Transparency News 6/29/18



June 29, 2018


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state & local news stories


The man suspected of killing five people in or near the offices of the Capital Gazette newspaper had sued the paper for defamation and lost, and an Anne Arundel County police official said, "It was quite obvious this individual had a vendetta against the Capital newspaper." Ramos seemed to carry a grudge for years against the newspaper after he was the subject of a column describing how he harassed a former classmate from Arundel High School online, first through Facebook and then through emails. Ramos pleaded guilty in July 2011 to harassment. In a column written by Eric Hartley several days later, the victim described how Ramos had stalked her online and perhaps caused her to lose her job. Ramos then apparently created a website that detailed his complaints against Hartley and the newspaper, and noted that his conviction had been reduced to probation four months later. "I certainly did a bad thing," the website states, "but don't shun me for how it was portrayed by this newspaper."
Richmond Times-Dispatch
Note: Hartley is now an editor at The Virginian-Pilot

Body cameras have been a valuable tool in documenting police misconduct and vindicating officers wrongly accused of misconduct. But reviewing hours of footage in routine cases is time-consuming for prosecutors, many of whom are already overworked. As the use of body cameras by police has proliferated, complaints have increased from prosecutors over the amount of time spent reviewing the video. Winchester Commonwealth’s Attorney Marc Abrams noted that in addition to reviewing video, prosecutors also must decide if some footage needs to be redacted to avoid privacy violations.
The Winchester Star

Normally off limits to the public, the Radford Army Ammunition Plant hosted about 40 visitors, curious and concerned citizens and media last week in a recent push toward transparency and community outreach by the 70-year old military plant that manufactures the nation’s nitrocellulose, an explosive used to propel missiles.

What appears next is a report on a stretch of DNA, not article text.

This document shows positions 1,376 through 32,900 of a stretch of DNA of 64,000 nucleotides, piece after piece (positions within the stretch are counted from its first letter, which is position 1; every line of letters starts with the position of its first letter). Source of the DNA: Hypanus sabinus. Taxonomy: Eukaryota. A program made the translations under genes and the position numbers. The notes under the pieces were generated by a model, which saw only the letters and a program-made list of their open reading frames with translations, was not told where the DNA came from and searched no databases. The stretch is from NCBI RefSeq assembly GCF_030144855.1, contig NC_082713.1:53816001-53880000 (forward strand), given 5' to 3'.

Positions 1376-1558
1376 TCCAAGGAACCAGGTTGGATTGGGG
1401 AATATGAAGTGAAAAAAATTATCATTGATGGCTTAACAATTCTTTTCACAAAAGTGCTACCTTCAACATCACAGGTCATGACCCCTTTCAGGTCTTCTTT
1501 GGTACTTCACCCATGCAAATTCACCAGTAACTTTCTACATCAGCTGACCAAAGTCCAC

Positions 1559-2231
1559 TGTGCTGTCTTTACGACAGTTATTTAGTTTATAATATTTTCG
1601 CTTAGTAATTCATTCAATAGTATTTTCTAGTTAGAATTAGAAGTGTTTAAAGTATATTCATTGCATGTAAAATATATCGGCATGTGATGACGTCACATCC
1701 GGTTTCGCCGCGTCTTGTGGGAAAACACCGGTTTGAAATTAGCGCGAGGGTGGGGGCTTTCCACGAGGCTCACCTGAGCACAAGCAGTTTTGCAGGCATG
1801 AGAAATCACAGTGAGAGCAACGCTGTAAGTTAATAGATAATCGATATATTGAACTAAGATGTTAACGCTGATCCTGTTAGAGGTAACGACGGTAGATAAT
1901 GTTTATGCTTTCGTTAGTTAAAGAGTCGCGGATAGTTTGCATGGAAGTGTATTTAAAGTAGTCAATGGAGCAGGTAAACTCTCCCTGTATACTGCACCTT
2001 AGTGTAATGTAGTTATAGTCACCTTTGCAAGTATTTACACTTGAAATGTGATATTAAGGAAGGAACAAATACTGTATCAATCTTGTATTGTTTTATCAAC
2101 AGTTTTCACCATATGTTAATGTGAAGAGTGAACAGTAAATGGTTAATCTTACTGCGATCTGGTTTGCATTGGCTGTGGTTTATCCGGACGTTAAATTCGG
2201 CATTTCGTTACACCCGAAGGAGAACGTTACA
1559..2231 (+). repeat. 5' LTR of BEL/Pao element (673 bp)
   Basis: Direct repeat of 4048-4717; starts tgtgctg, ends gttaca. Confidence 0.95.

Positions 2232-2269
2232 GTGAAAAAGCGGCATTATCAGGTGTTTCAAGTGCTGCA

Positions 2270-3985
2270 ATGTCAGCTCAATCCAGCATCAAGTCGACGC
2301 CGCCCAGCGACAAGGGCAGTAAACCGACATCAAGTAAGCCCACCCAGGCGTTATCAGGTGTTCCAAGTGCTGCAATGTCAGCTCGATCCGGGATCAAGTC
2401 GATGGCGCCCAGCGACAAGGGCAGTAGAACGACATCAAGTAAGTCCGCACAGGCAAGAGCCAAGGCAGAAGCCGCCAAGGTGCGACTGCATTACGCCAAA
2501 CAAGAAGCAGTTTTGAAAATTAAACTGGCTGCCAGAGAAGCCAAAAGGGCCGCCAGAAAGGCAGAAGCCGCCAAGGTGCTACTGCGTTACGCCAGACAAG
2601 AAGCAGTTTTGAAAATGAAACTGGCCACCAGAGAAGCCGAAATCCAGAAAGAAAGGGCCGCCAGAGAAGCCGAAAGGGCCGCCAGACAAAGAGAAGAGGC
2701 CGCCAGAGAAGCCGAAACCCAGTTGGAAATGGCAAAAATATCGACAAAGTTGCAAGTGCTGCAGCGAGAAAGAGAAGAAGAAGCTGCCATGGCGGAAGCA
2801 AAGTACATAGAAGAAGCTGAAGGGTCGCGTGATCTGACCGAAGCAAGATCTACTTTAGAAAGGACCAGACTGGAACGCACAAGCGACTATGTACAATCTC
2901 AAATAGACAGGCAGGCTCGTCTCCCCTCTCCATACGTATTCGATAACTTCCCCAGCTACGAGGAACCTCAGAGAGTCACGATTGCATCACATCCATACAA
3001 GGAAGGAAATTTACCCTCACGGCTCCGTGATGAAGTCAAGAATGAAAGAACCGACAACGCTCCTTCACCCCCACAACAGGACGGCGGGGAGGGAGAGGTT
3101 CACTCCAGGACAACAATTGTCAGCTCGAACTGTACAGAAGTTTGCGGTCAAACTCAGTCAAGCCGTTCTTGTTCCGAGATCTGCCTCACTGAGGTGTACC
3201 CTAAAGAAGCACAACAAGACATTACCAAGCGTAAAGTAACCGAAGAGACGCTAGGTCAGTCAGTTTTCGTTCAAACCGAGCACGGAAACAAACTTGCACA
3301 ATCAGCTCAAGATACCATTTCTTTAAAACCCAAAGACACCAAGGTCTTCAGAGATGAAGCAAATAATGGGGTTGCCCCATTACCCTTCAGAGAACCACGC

Redford News Journal


stories of national interest

Oregon Gov. Kate Brown is considering new limits on the public release of personal information about state employees, and her staff has asked the Department of Administrative Services to set up a work group to consider legislation to enact such limits in 2019. In the meantime, administrative services director Katy Coba has ordered state agencies to contact and coordinate with the governor's public records lawyer before responding to any records request for a large dataset about any individual who provides information to the state, including employees. Brown's chief of staff, Nik Blosser, notified Coba in a June 20 letter that the moves come in response to the agency's release of a database of state employee salaries to The Oregonian/OregonLive. The data included names, titles, salaries, the months and years of employees' birth, as well as their gender and race.
The Oregonian




editorials & columns


The police departments in Richmond, Chesterfield and Henrico County announced this week that they will soon begin encrypting their radio signals to prevent the public and the media from listening. Show us why this is necessary. Give us an indication that the public or the media are somehow interfering with police operations on any sort of regular basis. Show us that, and we’d be willing to consider the legitimacy of encrypting this radio traffic. Short of that, it’s just a bad decision that runs afoul of the public’s right to know. We hope it doesn’t spread any further across the state.
Daily Press

This much we know: MWAA CEO Jack Potter has a base salary of $451,000 per year. And that’s about it, because the authority declined to release its CEO’s contract (which it had done in years gone by) or provide many more details as requested by [The Washington Post].  The airports authority is a weird creation – its board of directors includes representation from Virginia, Maryland, the District of Columbia and the federal government; it relies on federal funds for the transit project; and it has taken cash from the Virginia state government in an effort to boost the fortunes of Washington Dulles International Airport. And yet, unlike many bodies that operate airports nationally, it apparently is under no obligation to shine much sunshine on personnel matters. Even though it isn’t obligated, it certainly would seem to be in the authority’s best interest to do so.